Before Pinto’s bombshell, we knew that Fan and Fred were used as instruments to “encourage” loans to undeserving borrowers. We knew that this “encouragement” was enforced through the Community Reinvestment Act (CRA), a law originally passed in the 1970s that was “progressively” given threatening teeth in ensuing years.
We have known for some time, as described in my September 2008 column, that Fan and Fred lowered the qualifying standards for conventional and subprime loans they would buy from participating lenders roughly as follows (quoting from that column):
The credit score threshold for conventional mortgages, which had generally been 670 or more, dropped to about 630. In the real world, a score of 630 indicates that you’re having trouble with your debt load, paying your bills on time, or a little of both.
More ominously, the credit score threshold for subprime mortgages, which had generally been 630 or more, fell to about 590. A score of 590 is the credit scoring equivalent of barely having a pulse.
We know that in doing this, Fan and Fred, as well as those who underwrote or bought securities backed by these conventional and subprime mortgages, were taking a huge risk by hoping that borrowers with mediocre or poor credit histories would somehow keep up with their mortgage payments. The chart from Fair Isaac, which shows the chances of going seriously delinquent (90 days or more late) for various credit score ranges based on lenders’ experience through the mid-2000s, shows how serious that risk assumption was:
In lowering the conventional score threshold, Fan and Fred hoped that borrowers with scores between 630 and 670 would defy all reasonable expectations that they would fall seriously behind on their mortgages at three or more times the rate of those whose scores exceeded 670. In lowering the subprime score threshold, they dreamed that the default rates would be far below the experience-based average of about one-third. They passed these hopes and dreams on to both their stockholders and those who invested in mortgage-backed securities. These judgments have proven horribly wrong.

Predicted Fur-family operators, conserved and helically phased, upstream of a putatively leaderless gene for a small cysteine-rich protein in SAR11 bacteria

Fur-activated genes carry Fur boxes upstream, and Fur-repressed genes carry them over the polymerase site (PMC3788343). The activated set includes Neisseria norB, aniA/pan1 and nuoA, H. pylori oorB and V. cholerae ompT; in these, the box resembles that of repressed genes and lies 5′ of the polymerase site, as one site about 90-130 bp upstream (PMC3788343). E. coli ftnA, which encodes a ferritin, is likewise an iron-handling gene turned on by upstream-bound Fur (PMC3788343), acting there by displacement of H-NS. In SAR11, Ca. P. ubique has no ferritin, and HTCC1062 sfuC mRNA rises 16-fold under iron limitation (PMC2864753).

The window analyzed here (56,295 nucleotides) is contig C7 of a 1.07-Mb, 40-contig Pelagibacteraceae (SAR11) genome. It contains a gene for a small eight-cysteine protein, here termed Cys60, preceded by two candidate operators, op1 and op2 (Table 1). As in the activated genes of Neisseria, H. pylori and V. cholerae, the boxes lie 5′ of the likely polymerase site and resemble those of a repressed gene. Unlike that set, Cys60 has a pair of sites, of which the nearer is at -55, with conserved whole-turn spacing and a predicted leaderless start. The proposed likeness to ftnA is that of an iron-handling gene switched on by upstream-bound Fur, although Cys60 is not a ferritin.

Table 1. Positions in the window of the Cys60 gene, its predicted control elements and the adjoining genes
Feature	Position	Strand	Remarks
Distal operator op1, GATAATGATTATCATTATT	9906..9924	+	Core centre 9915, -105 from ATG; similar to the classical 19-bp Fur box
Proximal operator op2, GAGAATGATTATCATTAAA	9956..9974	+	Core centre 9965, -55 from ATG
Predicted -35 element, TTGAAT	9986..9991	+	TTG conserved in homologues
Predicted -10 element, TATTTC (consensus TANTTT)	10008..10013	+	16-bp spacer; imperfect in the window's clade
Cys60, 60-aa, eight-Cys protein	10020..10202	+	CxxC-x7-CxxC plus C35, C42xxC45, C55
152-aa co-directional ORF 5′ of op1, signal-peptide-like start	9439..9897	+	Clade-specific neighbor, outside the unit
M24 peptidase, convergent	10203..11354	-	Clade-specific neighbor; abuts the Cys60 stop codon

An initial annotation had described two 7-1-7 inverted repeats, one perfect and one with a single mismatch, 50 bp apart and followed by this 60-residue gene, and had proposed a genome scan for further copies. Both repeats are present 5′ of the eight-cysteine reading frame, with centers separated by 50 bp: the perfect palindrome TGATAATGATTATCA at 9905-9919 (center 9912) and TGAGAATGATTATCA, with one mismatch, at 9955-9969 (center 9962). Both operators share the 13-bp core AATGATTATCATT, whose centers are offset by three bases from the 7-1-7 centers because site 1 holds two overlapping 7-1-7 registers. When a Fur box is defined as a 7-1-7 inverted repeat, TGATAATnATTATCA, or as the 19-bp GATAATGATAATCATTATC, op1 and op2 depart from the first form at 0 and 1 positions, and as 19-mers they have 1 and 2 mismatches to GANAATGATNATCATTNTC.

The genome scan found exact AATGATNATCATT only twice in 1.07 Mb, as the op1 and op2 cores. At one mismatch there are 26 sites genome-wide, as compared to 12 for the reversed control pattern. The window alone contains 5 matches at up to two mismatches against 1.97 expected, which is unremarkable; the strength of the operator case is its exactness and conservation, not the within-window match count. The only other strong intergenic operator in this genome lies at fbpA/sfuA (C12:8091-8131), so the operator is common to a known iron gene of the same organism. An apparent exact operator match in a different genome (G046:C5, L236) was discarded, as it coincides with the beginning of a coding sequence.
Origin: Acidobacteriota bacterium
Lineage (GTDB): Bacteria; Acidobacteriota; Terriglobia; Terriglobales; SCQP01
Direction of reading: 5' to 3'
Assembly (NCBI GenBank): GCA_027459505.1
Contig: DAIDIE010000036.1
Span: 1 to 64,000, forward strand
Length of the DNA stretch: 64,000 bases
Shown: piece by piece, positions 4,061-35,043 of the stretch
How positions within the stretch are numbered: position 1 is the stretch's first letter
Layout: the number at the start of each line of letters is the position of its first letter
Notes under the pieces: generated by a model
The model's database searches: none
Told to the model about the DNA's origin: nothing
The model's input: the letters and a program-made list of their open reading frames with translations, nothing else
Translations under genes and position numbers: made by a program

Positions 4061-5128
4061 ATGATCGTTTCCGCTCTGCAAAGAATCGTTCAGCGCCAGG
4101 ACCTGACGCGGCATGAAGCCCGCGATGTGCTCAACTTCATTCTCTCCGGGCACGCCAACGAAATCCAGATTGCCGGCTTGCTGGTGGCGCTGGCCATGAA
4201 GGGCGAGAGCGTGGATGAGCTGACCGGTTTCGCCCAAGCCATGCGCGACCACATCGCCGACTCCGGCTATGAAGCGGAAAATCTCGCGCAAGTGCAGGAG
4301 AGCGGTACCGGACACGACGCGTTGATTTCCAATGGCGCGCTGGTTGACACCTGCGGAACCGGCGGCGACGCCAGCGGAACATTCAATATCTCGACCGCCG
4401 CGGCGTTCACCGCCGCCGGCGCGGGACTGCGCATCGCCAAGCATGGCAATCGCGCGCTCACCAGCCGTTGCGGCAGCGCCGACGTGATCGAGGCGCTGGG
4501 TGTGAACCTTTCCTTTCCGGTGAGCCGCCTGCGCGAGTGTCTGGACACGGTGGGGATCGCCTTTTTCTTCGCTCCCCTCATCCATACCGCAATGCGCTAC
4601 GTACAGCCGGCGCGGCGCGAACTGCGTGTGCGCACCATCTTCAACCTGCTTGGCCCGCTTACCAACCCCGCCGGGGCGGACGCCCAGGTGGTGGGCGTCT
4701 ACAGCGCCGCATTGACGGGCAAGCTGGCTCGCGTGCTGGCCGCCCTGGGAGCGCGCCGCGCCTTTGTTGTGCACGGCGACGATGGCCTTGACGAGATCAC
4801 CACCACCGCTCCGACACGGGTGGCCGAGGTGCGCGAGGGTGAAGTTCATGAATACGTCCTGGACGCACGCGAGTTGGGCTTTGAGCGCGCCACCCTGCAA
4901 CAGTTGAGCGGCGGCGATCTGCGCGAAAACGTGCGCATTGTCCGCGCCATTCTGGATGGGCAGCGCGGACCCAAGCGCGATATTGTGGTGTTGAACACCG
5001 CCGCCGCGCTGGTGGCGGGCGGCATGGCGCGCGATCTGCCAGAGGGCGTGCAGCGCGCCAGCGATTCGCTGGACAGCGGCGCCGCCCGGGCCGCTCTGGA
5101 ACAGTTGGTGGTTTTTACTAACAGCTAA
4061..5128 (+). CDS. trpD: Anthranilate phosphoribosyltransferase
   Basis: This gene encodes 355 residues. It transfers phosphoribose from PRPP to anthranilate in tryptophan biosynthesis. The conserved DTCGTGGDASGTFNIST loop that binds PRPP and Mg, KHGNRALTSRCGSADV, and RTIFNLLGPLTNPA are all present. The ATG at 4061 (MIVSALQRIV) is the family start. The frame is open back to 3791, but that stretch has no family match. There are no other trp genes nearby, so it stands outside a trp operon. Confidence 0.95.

Incredibly, the Pinto paragraph above takes things one step further. It’s bad enough that Fan and Fred lowered the loan approval thresholds. Pinto’s point is that for 15 years, they doubled down by “routinely” misclassifying approved loans, effectively telling the capital markets and the public that these loans weren’t as risky as they really were. Because of this, securities backed by these mortgages carried lower interest rates than they would have if the risks had been properly disclosed. Some of the offerings should probably never have been issued or should have been given junk bond pricing. Further, misrepresented loans Fan and Fred kept on their books enabled the two entities to continually make false claims of financial health.
Enron’s perpetrators were aggressively prosecuted and shamed, while Fannie Mae’s and Freddie Mac’s executives, officers, and directors made and kept millions in undeserved salaries and bonuses, even during years-long periods when their books were unauditable. Up to and including Rahm Emanuel, President Obama’s chief of staff, many if not most of them are still influential and respected players within the government and the Democratic Party.
Meanwhile, the government has gained a firm and seemingly indefinite grip on goings-on in the housing and mortgage markets. We’re supposed to believe that this statist result is merely the product of extraordinary incompetence and greed with no grander design. Excuse me for being skeptical.